Speaking in front of a huge crowd can be really challenging to everyone. It takes a lot of confidence to draw an audience into your speech. But if the speaker is really obnoxious and unpleasant to the audience throughout the speech, that’s really a different story. It could significantly impact the number of listeners for his/her upcoming speech. Therefore, in order to avoid making the same mistakes as the majority of other speakers, every speaker needs to be aware of them.
We know what makes a good speaker, having solid hold over the content, delivering it coherently, respect the audience and being confident, among others. But what makes a terrible speaker? In his latest video, SoME Founder & CEO Rakesh Godhwani lays down some ground rules that speakers must follow when delivering a speech, including not saying, “Can you hear me in the back?”
When we look at the world of movies, theatre or performances, an audience comes out and says, “it was terrible” because some audiences found the show bad; so they would come to the conclusion that it was terrible. So, some basic mistakes should be avoided in the world of presentations and speaking. You can learn a lot if you understand what the audiences define as terrible mistakes.
Fixing Tech Issues
Fixing tech issues on stage while the audience is right there is not something pleasant to watch. This happens in corporate, schools or colleges; the audience is waiting, and you are trying to connect your laptop. So, the first mistake of the terrible speaker is to go on stage and do tech testing rather than performing. Because the audience loses all their interest and your presentation is already in the disaster zone.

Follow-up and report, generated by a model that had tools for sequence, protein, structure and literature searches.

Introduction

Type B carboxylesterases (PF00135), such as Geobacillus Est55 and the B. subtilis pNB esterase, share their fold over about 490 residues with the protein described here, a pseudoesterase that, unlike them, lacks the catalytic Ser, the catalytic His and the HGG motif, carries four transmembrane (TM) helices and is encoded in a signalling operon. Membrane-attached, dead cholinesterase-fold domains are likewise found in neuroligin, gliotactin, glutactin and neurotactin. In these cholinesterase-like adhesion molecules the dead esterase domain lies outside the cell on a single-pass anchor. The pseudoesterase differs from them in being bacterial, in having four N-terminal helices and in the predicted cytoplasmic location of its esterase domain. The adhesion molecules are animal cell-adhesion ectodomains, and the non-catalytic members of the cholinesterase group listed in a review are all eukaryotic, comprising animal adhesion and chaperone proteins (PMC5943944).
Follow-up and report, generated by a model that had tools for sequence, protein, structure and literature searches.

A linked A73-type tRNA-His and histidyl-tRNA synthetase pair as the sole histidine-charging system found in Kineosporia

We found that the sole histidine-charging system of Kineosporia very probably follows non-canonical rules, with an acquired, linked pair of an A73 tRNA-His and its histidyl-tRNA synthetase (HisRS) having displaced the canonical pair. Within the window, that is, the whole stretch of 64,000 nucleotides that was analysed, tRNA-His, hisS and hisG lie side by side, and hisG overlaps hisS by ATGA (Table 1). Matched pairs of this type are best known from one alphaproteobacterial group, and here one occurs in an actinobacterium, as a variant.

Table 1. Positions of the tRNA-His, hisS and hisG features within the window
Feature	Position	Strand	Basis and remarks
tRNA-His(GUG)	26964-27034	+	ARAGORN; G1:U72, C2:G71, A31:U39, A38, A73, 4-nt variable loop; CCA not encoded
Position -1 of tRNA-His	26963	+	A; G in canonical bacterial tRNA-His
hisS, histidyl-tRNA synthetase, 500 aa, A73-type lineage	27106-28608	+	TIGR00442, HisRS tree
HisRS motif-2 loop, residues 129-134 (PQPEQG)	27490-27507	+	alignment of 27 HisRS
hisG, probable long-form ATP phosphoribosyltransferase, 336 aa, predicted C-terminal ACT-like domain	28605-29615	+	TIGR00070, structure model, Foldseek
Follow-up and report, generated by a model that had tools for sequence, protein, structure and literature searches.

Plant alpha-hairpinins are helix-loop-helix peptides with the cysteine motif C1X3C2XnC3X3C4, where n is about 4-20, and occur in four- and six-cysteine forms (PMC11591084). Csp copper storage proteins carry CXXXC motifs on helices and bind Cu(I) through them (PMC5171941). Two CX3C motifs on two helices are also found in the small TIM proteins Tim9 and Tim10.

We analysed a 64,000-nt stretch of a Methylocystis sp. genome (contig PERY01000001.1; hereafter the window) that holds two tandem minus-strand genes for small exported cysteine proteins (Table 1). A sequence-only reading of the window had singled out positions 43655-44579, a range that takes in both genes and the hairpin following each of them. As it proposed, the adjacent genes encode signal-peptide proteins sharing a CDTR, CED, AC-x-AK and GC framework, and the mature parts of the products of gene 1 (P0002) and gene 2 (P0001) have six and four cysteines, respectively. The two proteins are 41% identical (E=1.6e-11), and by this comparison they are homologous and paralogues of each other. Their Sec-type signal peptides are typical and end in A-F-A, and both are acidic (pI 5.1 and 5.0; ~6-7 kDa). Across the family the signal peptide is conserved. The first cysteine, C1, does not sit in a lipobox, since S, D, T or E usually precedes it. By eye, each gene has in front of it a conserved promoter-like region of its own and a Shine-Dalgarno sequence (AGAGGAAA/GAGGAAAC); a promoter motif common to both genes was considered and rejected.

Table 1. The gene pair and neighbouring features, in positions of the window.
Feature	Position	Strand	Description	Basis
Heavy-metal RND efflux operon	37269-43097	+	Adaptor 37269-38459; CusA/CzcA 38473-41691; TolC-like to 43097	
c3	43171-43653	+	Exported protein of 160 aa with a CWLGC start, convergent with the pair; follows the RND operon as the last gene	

I am Not Prepared
Don’t start by saying, “I am not prepared”, and this is like the actor or the performer going on stage and saying, “I am sorry, am not prepared”, while the audience eagerly waits for them. First, the audience will lose interest, and their mind could be in different places as they lose their entire focus. The presentation's original intent is no longer there. So, as you've been allowed to speak, so don't go tell them that you're unprepared. It makes no difference if you are ready or not; they will figure it out. The crowd is waiting for you, so you simply go speak; it's like a performance.
Engaging The Audience Too Early
The third big mistake is, engaging the audience too early. There is a time to engage the audience. When you are speaking Infront of an audience, especially at the corporate or school level, they are waiting to listen to you they are not waiting to be engaged, especially in the beginning. First, you go ahead and win their hearts with your speech. Refrain from using cliched sentences.
The fourth mistake is time management. Be respectful of time, and speak within the time limits. Don’t overdo the time. The audience loves it when you speak less and speak within the time limit.
Trying To Be Someone You Are Not
You could be off stage a very different person, but the moment you go on stage you become someone who you are not by using strange accents, artificial mannerisms, and trying to mimic your own boss. As a result, make an effort to be genuine and true to yourself because the audience can tell if you are not.
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